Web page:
Management of American bankers. Co. v. Heryford885 F.3d 629 (9th Cir. 2018).
Unfortunately, the Experian The court did not address the negative incentives created by allowing small government agencies to rely on private counsel to pursue statewide claims. Allowing this gives less populated counties (and their unelected outside attorneys) potentially outsized authority to set statewide policy as to what constitutes “unfair” business conduct through the prosecution. proceedings against UCL.
The California Supreme Court dismissed similar concerns as speculative in its 2020 ruling in Abbott Laboratories, which ruled that any city or county authorized to pursue UCL’s claims can seek penalties based on statewide conduct. 9 Cal. 5th at 658. In this case, the Attorney General participated as amicus curiae and argued:
First, the attorney general suggests that the district attorney’s position would present “conflicts of interest” between local prosecutors’ accountability to statewide victims, to whom they are not politically accountable, and their own incentives to secure a greater share of remedies available to local constituencies. . “The result”, according to the Attorney General, “could be a deterioration in the application of UCL, as local prosecutors compete to be the first to settle a case and obtain sanctions for local use”. Second, “granting statewide enforcement power to local prosecutors would jeopardize California’s ability to credibly lead the way in cases of national or international significance” by compromising the primary role of the Attorney General in enforcing consumer laws. Third, the Attorney General argues that “the widely recognized geographic limits of UCL’s authority of district and city attorneys have formed the basis for decades of interagency cooperation” between state and local attorneys, and that cooperation , which is crucial for intensive investigations and litigation. necessary to pursue UCL’s claims, would be undermined by a rule allowing any district attorney to pursue statewide remedies.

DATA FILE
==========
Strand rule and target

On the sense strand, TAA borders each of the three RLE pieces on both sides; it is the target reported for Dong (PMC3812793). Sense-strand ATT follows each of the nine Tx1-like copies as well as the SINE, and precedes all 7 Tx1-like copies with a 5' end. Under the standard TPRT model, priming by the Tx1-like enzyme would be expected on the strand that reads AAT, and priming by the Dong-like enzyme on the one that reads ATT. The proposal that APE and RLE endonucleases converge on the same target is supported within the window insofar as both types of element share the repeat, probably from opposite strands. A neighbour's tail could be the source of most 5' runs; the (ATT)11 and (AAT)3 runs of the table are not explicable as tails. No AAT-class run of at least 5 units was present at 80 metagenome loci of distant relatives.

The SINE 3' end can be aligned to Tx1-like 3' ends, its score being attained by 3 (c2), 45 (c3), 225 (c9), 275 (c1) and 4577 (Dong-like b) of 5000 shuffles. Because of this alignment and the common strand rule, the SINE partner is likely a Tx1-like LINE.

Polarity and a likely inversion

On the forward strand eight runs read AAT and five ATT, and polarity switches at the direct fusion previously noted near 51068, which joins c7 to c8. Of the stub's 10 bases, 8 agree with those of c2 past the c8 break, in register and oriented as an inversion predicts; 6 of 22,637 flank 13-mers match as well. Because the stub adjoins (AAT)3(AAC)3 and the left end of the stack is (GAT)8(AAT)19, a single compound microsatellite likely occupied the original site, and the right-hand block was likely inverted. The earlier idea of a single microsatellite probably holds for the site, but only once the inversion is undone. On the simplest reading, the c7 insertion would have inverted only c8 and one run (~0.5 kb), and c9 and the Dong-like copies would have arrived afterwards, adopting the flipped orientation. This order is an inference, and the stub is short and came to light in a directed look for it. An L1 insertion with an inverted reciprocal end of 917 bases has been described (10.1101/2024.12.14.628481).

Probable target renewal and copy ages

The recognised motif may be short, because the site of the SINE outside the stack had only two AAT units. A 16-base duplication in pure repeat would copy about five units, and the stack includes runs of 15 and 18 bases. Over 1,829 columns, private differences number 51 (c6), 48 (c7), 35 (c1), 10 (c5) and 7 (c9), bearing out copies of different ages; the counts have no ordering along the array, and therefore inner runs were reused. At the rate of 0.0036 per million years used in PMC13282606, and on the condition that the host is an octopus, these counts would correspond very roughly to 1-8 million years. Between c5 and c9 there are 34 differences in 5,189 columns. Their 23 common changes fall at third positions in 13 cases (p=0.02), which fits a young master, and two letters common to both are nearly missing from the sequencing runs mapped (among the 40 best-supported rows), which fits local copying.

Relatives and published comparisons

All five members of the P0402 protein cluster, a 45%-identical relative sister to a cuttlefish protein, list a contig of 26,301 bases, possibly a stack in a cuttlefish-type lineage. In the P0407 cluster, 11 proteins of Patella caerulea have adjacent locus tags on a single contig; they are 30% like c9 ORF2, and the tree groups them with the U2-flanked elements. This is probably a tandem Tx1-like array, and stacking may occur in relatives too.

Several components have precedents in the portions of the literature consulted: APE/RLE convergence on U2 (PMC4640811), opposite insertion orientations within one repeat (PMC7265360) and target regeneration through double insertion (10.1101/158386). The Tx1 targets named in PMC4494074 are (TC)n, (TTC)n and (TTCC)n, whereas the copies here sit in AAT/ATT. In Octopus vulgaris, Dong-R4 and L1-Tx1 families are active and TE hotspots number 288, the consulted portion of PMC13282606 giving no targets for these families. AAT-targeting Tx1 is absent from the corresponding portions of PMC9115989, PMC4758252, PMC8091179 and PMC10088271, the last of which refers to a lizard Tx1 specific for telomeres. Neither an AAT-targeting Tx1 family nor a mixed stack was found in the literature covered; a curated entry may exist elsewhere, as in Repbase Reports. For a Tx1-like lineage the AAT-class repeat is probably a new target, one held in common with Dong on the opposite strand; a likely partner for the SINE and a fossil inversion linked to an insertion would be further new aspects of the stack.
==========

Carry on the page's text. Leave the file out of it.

Identifier. at 660 (quoting Attorney General friend brief).
The California Supreme Court dismissed these concerns as merely “abstract.” Identifier. More importantly, the Abbott Laboratories The ruling noted that because the Legislature “chose to create a decentralized enforcement model in which a district attorney has the power to obtain statewide relief,” it would be up to the Legislature. to respond to any abuse that occurs in the future.
Identifier. at 661. Additionally, the California Supreme Court has stated that the Attorney General retains the authority to intervene in a particular case if it appears that a local government is pursuing the case abusively or otherwise in a manner that undermines public policy objectives, and the Attorney General could even seek the reversal of a wrongfully obtained judgment.
Identifier. at 662-63.
Now, with clear appellate authority in California approving the use of contingency-fee private attorneys, concerns are seen as merely “abstract” in Abbott Laboratories could soon become more concrete. Businesses should therefore be aware of a statewide UCL claim occurring anywhere in the State of California from Los Angeles (population 10,000,000) to Alpine County (population 1 120). This issue clearly merits further consideration by the California Supreme Court or legislative reform.